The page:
I suppose it was the holidays. That’s what I’ll blame it on, anyway. Somehow, Gabriel Byrne made a presentation at an event in Ireland a couple of weeks ago and it flew right by me!

I never cease to be amazed at how he slips in and out of places, carrying the flag for artistic collaboration, project partnerships, and thoughtful progress.

At a recent special event for  Business to Arts in Dublin (“Business to Arts brokers, enables and supports creative partnerships between business and the arts. We work with artists and arts organisations providing a range of training opportunities and coaching to help diversify income streams, grow audiences and improve efficiencies”), Mr. Byrne said the following:

When you look back at our cultural history, which we often take for granted, it can sometimes really be humbling and a source of wonderful pride to think of what we have actually contributed as a culture to the world from this small island.

We are, of course, aware of one particular contribution–and that would be Gabriel Byrne himself! smile

Shamelessly quoting the rest of the article:

Gabriel went on to talk about the vital role that the corporate and philanthropic community will play in ensuring that we continue to build on this rich history at such a difficult juncture for all aspects of society in Ireland and, importantly, to dispel some of the myths around ways in which business and the arts can work together. He commented that “When money and art go together and that doesn’t mean that art has to be censored, that’s a fear I think that a lot of artists have, you cease to be insular because you move out into the world. And when you move out into the world of ideas, it benefits you artistically, economically, socially and spiritually. That is something that is a gigantic contribution that will pay off down the years. And to be part of that, to be part of being responsible for making the world move in that direction is a wonderful thing to be involved in. The generosity of these people to say, ‘ok, we’ll put money into this’ I guarantee it will pay off in years to come from the artists point of view and from the business point of view. Artists and corporations must sit down together and see what common ground we have, and see how we can mutually benefit each other. I think it is the way forward.”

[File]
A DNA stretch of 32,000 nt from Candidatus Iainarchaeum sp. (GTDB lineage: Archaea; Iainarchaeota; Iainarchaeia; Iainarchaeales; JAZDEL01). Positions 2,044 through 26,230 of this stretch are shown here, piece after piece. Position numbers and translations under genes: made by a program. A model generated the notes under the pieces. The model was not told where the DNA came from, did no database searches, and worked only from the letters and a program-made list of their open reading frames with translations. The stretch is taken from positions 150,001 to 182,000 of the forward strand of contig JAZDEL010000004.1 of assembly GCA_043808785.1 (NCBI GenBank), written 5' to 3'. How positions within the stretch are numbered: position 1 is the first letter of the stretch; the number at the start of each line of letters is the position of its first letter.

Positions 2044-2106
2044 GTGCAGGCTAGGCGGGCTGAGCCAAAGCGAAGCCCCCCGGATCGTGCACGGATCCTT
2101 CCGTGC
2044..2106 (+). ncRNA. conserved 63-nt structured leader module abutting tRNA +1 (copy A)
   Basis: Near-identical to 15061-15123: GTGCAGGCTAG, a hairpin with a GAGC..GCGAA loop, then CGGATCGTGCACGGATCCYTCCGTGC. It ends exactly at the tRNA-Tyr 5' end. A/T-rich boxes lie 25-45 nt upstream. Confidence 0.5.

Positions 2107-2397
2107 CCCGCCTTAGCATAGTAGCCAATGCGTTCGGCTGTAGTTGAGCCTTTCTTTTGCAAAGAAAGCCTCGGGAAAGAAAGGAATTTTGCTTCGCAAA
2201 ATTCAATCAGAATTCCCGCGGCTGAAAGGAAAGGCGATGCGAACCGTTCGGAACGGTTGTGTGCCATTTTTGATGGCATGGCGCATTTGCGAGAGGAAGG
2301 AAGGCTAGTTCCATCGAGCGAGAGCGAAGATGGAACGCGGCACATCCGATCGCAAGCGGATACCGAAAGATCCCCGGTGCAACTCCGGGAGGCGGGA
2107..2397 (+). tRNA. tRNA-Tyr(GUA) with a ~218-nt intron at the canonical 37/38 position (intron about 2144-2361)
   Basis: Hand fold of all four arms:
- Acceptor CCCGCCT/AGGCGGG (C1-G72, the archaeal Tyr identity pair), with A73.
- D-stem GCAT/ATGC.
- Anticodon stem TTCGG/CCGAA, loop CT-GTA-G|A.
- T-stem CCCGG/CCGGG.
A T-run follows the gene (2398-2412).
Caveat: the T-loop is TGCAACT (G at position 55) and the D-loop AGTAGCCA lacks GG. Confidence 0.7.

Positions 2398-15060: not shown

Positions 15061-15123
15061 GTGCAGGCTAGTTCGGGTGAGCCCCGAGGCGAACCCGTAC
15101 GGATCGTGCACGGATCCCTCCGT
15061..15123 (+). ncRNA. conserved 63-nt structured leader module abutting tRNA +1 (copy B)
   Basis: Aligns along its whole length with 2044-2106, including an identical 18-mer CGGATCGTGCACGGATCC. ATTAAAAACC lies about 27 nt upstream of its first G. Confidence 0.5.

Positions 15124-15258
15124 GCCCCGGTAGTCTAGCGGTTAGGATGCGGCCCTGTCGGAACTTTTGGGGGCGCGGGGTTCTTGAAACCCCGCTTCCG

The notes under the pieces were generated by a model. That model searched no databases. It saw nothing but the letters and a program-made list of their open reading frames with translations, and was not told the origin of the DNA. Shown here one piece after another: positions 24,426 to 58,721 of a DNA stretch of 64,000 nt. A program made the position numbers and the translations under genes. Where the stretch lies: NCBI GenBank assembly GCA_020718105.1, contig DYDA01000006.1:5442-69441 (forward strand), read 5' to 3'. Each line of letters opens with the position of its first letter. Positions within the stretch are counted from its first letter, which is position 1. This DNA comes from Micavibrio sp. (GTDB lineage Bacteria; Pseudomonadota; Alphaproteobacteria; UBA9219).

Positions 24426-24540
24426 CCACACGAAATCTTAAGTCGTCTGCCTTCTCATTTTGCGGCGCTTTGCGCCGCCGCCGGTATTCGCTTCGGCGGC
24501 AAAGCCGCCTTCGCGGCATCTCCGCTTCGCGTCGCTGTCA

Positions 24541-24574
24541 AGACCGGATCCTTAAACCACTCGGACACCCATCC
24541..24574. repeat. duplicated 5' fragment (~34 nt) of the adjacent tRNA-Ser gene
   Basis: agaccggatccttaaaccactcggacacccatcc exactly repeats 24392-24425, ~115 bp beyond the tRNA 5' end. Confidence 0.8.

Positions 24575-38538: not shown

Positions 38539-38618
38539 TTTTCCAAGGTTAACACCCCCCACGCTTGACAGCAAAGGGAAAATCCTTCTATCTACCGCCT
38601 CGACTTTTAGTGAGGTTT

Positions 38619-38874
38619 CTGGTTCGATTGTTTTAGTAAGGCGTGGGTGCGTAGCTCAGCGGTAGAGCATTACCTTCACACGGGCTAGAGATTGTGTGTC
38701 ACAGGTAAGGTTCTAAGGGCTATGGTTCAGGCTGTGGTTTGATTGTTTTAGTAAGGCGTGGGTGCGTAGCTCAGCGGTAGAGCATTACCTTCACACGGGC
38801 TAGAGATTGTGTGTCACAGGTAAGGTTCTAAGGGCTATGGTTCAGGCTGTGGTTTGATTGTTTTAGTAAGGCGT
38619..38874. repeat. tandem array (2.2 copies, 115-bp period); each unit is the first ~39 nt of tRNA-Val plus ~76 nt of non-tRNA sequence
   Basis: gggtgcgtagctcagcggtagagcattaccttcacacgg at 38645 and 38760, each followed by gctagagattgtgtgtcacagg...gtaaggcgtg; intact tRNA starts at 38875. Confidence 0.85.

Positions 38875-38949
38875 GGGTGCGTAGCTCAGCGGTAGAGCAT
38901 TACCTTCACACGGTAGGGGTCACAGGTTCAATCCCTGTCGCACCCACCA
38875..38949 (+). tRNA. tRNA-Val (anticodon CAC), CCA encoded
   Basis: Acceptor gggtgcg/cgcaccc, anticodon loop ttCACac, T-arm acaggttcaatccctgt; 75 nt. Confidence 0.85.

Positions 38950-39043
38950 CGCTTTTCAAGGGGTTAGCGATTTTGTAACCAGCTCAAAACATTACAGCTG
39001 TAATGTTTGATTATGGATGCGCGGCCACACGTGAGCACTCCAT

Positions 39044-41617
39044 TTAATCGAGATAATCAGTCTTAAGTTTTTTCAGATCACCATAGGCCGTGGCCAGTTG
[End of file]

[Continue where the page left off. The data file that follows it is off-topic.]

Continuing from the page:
A call to action for all of us invested in working towards a sustainable model of both public and private support of the arts, and an inspiring evening for those who joined us.

I’m feeling inspired indeed. I love that part about moving OUT into the world of ideas. So often, we think we must only be interior and introspective about ideas, when the truth is that making ideas part of the community is really the way to make things happen. The way forward. Kudos, Mr. Byrne!

And here is a nice picture with a non-crooked tie.

StuartGabrielDeclanPeter_345Men in black talking “business to arts”



  1. Thank you verymuch for sharing this Stella.
    I had not heard about this before. It is great to read about how Gabriel works to support (Irish) art.

  2. twomoons

    OMG he looks good in that picture!!. Like Lozzie says….thud…one moment til I pick myself up off the floor in utter despair and devastation! The tie is tight to his neck and reasonably straight and his hair is short and he’s looking like he’s lost a fair bit of weight…hmmmm…..why aren’t you here Gabe?

    OK, I’ll tell my hypothalamus to go to bed now, and add that he’s my inspiration to do similar work locally and thanks to Business To Arts folks for making this availbale.

    Hugs, TwoMoons

  3. Stephanie

    Thanks Stella for the news.
    In the picture he look very good.

  4. Thanks so much for this picture. Although I cannot fault this man, the one thing that does drive me crazy is when his tie is not on straight. There’s a great English saying, “Don’t spoil the ship for a hapeth of tar”; he looks so handsome/sexy when wearing a suit, but it’s totally ruined, (for me at least), when his tie is not on correctly!! Great picture – great tie!!

  5. Aragarna

    gotta say, I love his “rebel” loose tie…

  6. Tina, I TOTALLY agree…much more handsome when his apparel is neat and tidy.

  7. I must admit that I am more interested in what he says than how his tie looks…

  8. lol, you are right Noraa…thans for getting us back on track.

  9. If you know me, then you know that I will say this: I am of two minds! Part of me howls to the skies in a rebel cheer when I see his undone tie. And part of me ignores the tie altogether in complete fascination with his words, his commitment to his craft, and his desire to be involved in the world. So I agree with all comments on this post.


  10. I’m gonna stick my snooty nose right up in the air and say “One should not judge by appearances!” … though in Gabe’s case, he always appears to be utterly lovely to me, and I suspect that he probably **IS** utterly lovely, too.

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